I don’t write often about local politics. If I did, I would have something new to write about weekly, as the local governments churn and sputter and clumsily plod towards some vague vision of their municipal futures. That sentence gave away my opinion of most in local government, but it also effectively describes my objection to the manner in which local politics are conducted. There is a general lack of vision as to what each of our prized municipalities should be (excepting Fontana, mostly). The reason there’s a lack of vision is because at the fundamental core of these local residents there is a lack of understanding as to what these communities actually are. Without understanding what you are, you cannot imagine where you should go. This is the problem with local politics and this is why I typically choose to avoid comment on the blundering matters that stumble their way into other local newspapers and blogs.
But this week, there was big news, and that news is that Lake Geneva has a new mayor. This is news because the incumbent mayor lost, and he is a local business owner so the general consensus was that he would win. He didn’t. This isn’t a post about him, nor about the new mayor, this is a post about some of the issues that have been plaguing the City of Lake Geneva. These issues, by the way, are the likely reasons for the mayoral change. And if that’s true, then perhaps the slimmest majority of voters were displeased with the direction that town is heading. Ah, but don’t you see the problem here? Do you remember why there’s an issue with vision? It’s because of an uncertain sense of identity. What is Lake Geneva, anyway?
I can read that question and answer it with absolute certainty: Lake Geneva is an affluent resort community in Southeastern Wisconsin. That is the statement that should be understood and adopted by every Lake Geneva city official, employee, and property owner. This is what this town is. Yet there was some confusion at the leadership levels as to whether or not that statement of identity was true. And if it was true, then it certainly wasn’t understood. I view this town in absolutes. Early on, it was a resort town for wealthy vacation home owners. It grew into a resort town for wealthy vacation home owners. It will continue to thrive as a resort town for vacation home owners. Without vacation home owners Lake Geneva is just another dying town in rural Wisconsin. Understand that and you understand town. And if you understand that then you should understand where town should be heading. That is, to a future where Lake Geneva is a resort town preferred by wealthy vacation home owners. The rest is noise. (This doesn’t mean the town isn’t able to host residents and visitors of all makes and models, all incomes, etc., it’s just identifying the obvious and celebrated nature of town.)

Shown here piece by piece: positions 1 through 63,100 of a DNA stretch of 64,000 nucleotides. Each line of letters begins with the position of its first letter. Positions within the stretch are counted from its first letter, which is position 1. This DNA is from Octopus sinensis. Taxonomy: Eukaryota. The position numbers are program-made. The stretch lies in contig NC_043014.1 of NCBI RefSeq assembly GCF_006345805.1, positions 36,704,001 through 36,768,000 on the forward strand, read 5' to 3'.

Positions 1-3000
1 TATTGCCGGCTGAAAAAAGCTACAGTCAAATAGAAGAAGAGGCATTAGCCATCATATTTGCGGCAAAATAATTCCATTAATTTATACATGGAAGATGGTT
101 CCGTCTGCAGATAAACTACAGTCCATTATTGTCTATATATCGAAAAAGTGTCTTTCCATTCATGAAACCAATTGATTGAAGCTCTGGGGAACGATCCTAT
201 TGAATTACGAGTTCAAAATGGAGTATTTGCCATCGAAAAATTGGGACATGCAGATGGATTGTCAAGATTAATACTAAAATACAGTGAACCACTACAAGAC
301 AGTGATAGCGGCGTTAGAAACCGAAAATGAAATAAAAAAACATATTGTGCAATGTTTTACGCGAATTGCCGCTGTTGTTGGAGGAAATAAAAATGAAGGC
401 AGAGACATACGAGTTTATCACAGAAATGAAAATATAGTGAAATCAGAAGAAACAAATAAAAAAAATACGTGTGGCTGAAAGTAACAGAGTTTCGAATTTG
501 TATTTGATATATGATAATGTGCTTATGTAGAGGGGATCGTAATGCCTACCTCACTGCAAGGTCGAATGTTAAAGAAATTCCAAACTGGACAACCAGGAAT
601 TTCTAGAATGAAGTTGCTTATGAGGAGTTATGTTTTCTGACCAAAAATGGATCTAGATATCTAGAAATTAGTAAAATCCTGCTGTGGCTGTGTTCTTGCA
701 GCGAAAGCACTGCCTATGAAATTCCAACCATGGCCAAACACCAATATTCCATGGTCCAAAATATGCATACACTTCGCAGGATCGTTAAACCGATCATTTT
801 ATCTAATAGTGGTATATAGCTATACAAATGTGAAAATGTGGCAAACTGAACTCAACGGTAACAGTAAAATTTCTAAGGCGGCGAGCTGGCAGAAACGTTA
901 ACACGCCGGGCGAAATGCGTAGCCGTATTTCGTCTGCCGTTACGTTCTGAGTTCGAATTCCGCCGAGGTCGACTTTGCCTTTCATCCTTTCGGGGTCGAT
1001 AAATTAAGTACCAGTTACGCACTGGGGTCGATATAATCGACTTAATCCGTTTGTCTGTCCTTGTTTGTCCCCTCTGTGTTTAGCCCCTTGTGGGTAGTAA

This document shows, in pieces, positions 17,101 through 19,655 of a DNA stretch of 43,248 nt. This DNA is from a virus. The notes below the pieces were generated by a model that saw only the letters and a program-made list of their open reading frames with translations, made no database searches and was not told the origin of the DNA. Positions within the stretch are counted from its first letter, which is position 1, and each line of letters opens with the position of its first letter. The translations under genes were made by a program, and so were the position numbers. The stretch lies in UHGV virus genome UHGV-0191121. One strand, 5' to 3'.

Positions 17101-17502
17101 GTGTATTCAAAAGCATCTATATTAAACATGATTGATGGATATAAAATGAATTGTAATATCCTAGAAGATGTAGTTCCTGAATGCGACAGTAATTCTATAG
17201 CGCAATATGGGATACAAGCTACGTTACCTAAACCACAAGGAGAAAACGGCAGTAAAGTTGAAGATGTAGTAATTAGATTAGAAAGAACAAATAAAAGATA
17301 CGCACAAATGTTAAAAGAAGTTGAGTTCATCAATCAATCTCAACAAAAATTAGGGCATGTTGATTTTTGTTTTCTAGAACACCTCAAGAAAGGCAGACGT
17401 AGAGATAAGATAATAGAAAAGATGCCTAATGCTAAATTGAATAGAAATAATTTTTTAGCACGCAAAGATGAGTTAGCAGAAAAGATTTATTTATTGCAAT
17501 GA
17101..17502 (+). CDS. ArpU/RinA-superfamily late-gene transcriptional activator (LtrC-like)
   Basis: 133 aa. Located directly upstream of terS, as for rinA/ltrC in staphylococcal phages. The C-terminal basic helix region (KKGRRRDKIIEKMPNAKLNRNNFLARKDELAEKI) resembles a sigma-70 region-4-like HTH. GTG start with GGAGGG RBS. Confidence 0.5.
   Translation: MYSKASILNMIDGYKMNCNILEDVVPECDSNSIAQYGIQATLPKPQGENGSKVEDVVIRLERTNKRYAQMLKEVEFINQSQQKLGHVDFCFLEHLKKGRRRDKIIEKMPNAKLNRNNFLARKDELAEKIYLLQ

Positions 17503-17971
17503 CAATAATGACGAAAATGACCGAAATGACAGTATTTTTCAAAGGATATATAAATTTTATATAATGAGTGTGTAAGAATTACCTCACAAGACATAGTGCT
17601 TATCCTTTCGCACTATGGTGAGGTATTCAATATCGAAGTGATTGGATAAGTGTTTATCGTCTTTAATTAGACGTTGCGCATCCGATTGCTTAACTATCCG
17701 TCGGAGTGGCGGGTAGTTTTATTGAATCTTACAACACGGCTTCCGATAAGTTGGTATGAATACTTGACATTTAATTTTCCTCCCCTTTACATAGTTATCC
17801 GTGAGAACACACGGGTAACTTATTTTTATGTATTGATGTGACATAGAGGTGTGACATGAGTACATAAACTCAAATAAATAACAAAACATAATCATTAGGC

There has been discussion of late about the need for low income housing in the City of Lake Geneva. I hear that and I understand the theoretical concern. But the concern has an interesting origin. The theory, as I’ve been told by town officials, is that if you build cheaper houses then you’ll attract younger families, and without younger families, a town dies. This is the theory that local towns, especially Lake Geneva, grapple with because they think it’s at once noble and bowing to the prevailing wisdom of small town demographic study. In practice, the theory is untrue. Young people do not move to a town because they found a cheap house with vinyl siding and vinyl floors and vinyl bathtubs. They move to a town because they found a job there. The previously unconnected (people who grow up here may very well stay, at least in small numbers) young people won’t come here and set up their primary homestead without those interesting and upwardly mobile jobs. You do not create a town by offering houses, you create a town by offering jobs. But we’re getting ahead of ourselves, because we’re not creating a town. We are a town, and it’s a town that is highly prized for its shoreline and abundance of natural, and built beauty. Why are people trying to change the town? Because they don’t fundamentally understand it.